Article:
Lord against myself. And Thou forgavest the ungodliness of my heart” (Ps.
because acknowledgment of our sins is followed by condemnation of ourselves,
which in turn is followed by that sorrow for our sins which Paul calls
“godly sorrow” (2
After godly sorrow confession and prayer to God with a contrite heart come
as does the promise to keep away from evil from now on. This is repentance.
This is how Manasseh escaped being punished for his sins, even though he had
fallen into many great and serious transgressions, and wallowed in them
for years on end (2
As for David, the Lord set aside his sin because of his repentance, nor did
he deprive him of his prophetic gift. When Peter resorted to repentance,
he not only recovered from his fall and obtained forgiveness, but was also
appointed to protect Christ’s Church. As you see, Paul too was rewarded
with this role after his conversion, once he had made progress and become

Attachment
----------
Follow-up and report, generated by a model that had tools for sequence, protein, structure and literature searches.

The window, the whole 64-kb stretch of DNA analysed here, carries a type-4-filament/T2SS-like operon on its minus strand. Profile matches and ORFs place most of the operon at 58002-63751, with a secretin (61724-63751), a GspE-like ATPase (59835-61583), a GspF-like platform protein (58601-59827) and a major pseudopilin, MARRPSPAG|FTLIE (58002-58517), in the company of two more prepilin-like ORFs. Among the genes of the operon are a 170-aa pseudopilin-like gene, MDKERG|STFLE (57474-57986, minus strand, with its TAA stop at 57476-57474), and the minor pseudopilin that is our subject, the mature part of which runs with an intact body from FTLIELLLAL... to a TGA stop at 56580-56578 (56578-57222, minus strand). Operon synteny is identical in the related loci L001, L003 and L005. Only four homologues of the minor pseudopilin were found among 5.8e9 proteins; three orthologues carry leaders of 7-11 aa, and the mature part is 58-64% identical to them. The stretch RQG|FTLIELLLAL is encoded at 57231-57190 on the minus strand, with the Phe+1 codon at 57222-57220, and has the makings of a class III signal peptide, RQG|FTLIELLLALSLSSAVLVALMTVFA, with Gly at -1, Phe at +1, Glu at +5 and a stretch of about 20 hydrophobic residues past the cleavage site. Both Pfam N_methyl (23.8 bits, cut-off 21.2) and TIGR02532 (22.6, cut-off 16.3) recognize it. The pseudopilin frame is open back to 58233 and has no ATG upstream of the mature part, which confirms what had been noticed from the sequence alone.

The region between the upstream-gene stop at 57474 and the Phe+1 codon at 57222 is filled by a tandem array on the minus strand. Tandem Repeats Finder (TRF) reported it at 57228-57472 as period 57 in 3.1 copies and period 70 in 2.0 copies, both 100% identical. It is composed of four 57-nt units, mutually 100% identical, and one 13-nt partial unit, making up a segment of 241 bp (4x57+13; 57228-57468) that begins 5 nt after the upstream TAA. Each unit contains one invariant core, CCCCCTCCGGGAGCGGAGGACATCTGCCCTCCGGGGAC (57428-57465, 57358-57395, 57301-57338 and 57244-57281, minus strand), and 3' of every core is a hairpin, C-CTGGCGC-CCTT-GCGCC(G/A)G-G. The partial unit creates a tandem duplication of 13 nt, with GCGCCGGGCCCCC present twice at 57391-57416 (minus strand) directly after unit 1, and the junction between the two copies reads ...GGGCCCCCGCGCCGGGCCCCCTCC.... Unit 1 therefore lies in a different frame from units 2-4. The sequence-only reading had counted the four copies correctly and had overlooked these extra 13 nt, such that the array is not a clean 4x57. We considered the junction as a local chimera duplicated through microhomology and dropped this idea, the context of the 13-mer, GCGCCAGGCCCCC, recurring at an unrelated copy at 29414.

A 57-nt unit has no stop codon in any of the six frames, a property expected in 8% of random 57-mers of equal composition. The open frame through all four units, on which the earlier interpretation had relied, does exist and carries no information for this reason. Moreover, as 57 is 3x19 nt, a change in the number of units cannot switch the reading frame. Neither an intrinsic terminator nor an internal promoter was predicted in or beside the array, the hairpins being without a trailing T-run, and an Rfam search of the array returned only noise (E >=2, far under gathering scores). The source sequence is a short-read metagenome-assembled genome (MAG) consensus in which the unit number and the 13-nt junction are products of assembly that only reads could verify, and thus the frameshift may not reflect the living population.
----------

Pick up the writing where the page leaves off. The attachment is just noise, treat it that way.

more closely God’s own than the others. Repentance which is true and truly
from the heart persuades the penitent not to sin any more, not to mix with
corrupt people, and not to gape in curiosity at evil pleasures, but to
despise things present, cling to things to come, struggle against passions,
seek after virtues, be self-controlled in every respect, keep vigil with
prayers to God, and shun dishonest gain. It convinces him to be merciful to
those who wrong him, gracious to those who ask something of him, ready with
all his heart to bend down and help in any way he can, whether by words,
actions or money, all who seek his assistance, that through kindness to his
fellow-man he might gain God’s love in return for loving his neighbour,
draw the divine favour to himself, and attain to eternal mercy and God’s
everlasting blessing and grace.
May we all attain to this by the grace of the only-begotten Son of God, to
Whom belong all glory, might, honour and worship, together with His Father
without beginning and the all-holy, good and life-giving Spirit, now and for
ever and unto the ages of ages. Amen.
of Saint Gregory Palamas - Homily 28 On Saints Peter and Paul, celebrated
June 29th according to the Orthodox Church Calendar - pp. 220-226